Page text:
Delegating, he said, is another tough thing to do. “The key is to hire people who are more intelligent than you, to find people who are super, super smart, ” Zohar said. “If you let your ego drive you, because of your fear of being replaced or having someone too smart who argues too much, you end up being surrounded by people who are not strong enough to take you to the next level. You always want people that can grow with you.”
The CEO and founder of Mellanox Technologies Ltd., Eyal Waldman, said that the main challenge for startups is to start getting revenues and sales, and then a profit. “You also need to build a team and raise money. You are dependent on investors and nobody knows you yet, so you need to convince companies and important people to start working with you and start becoming your customers.”
The company, a maker of servers and storage switching solutions, was founded in 1999 in the northern Israel city of Yokne’am. The firm held an IPO on the Nasdaq in 2007 and now has a market value of some $3.3 billion. Its shares have advanced 58 percent in the past 12 months.
For a big company, Waldman said, the challenges are different. “Once you are a big company, you want to reach that $1 billion sales target.”
Waldman also finds it hard to delegate. “As your company grows you have to get used to the fact that you cannot be involved in all the aspects of the company. To delegate is hard, because I believe that my input is pretty valuable and that I can help in many ways. When the company was a startup I was much more involved in all the various processes of the firm. I miss that. I used to be more hands on. Now I need to talk a lot. It is harder to play in the adult playing field, because if you fail, now the drop from the top is steeper and the fall is harder.”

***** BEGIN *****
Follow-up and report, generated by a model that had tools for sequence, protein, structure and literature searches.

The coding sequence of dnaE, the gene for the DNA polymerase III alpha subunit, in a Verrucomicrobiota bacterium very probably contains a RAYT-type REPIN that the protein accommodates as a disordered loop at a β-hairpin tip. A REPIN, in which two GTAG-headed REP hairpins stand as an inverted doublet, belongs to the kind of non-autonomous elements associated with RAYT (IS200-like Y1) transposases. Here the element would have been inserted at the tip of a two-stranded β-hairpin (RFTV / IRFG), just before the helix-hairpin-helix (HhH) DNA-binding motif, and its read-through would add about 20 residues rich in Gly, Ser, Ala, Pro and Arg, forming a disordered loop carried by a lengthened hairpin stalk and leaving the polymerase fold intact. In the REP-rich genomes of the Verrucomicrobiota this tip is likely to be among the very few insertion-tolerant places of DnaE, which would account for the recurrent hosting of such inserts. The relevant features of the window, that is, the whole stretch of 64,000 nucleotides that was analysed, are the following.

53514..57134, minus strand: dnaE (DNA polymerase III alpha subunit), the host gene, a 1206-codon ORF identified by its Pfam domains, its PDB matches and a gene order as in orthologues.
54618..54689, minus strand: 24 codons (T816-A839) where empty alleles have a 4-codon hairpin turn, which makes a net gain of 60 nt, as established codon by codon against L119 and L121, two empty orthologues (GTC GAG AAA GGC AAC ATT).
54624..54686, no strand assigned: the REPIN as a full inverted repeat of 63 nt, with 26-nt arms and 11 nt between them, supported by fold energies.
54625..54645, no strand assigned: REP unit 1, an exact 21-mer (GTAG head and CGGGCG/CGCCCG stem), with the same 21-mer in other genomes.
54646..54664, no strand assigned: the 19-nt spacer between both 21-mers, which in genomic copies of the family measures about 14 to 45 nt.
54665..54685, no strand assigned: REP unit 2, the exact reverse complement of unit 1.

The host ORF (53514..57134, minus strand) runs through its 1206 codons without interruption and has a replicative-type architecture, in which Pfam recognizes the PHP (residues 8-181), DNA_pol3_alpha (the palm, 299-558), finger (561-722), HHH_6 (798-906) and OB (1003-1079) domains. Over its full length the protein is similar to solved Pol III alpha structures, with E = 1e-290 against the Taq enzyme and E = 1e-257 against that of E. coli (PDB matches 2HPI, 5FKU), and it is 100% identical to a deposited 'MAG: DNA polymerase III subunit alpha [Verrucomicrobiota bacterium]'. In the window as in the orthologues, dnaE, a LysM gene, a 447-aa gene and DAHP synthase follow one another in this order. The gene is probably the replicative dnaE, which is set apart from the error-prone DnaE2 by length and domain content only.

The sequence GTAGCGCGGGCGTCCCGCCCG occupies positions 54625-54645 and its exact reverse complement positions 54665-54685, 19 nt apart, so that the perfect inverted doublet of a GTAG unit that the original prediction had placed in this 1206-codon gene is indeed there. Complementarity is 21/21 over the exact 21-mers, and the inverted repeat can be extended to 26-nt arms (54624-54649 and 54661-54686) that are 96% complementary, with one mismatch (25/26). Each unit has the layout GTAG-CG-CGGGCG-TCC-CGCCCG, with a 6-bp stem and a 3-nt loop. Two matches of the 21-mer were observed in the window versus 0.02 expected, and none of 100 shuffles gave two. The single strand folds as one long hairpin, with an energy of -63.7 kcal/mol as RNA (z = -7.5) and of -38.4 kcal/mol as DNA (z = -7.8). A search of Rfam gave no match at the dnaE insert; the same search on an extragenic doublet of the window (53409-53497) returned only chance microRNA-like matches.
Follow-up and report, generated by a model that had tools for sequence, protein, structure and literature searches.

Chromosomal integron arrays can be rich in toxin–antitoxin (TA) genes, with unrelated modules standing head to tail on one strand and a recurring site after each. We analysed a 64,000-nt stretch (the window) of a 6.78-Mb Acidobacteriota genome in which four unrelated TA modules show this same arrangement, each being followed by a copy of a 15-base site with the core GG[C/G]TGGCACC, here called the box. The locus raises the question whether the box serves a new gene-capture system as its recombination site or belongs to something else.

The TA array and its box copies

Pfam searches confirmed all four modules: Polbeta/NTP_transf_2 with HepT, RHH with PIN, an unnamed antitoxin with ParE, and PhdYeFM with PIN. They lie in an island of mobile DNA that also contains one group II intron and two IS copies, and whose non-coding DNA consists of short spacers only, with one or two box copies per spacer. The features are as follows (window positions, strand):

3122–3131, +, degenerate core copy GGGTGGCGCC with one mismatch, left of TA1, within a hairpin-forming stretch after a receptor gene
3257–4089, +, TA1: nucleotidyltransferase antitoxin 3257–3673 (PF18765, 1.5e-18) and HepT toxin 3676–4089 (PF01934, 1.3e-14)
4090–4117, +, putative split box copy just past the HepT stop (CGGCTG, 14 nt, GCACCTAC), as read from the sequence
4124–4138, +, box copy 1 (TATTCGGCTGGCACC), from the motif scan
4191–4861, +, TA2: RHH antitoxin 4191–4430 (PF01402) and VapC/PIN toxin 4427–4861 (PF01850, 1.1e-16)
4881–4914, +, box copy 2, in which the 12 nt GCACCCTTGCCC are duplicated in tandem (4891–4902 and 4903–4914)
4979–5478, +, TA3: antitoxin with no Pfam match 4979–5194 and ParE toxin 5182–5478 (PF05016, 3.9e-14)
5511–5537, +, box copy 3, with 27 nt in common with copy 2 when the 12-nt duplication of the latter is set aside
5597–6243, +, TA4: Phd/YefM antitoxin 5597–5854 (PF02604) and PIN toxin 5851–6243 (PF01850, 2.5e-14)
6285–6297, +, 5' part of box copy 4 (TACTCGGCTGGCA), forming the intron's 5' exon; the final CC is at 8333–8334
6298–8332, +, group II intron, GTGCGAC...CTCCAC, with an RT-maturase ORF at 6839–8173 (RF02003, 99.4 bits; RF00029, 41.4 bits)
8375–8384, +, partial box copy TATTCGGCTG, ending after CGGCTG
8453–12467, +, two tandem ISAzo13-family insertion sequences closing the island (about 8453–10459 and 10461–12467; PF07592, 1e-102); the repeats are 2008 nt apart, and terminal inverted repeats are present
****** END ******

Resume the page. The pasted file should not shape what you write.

Ori Lahav, the co-founder and chief technology officer at Outbrain, a Netanya-based content recommendation platform, said that as the firm gets larger, “your focus is not your one product anymore, but a package of products aimed at a number of markets, dealing with different cultures.”
Outbrain suggests interesting and relevant content to internet readers, and powers many publishing sites including that of CNN, Fox News and Slate. The firm employs some 600 workers around the world, including 250 in Israel, mostly in R&D. Outbrain, which has raised some $193 million to date from private investors, was named by IVC Research Center, which tracks the Israel high-tech scene, as one of the 24 Israeli firms that are ripe to hold an initial public offering of shares.
“As a management you are not dealing anymore with building your product, but dealing with running the organization. The product becomes the organization,” Lahav said.
As the company grows, it is also important to get all employees on board about the DNA of the firm they are working for.
“As a small company, the company culture gets passed on at the coffee machine,” he said. “But as the organization grows, there is much less interaction between management and the workers, and so you need to start formulizing the DNA — give everyone the tools to become ambassadors to this culture.”
He believes the founders are key to the success of the company and should stay on in leading the firm as it grows. “Most companies, like Apple and Google, for example, got to greater heights when their founders returned. Founders do something different for the company — they are an important part of the company.”
“Challenges push us forward,” he said. “As a startup or as a developed company, the challenges are always new, and stretch your abilities. And this is what gives us that thrill. And at each stage you tell yourself, now I am really stretched the utmost — but then the next stage arrives. The challenges grow as your company grows.”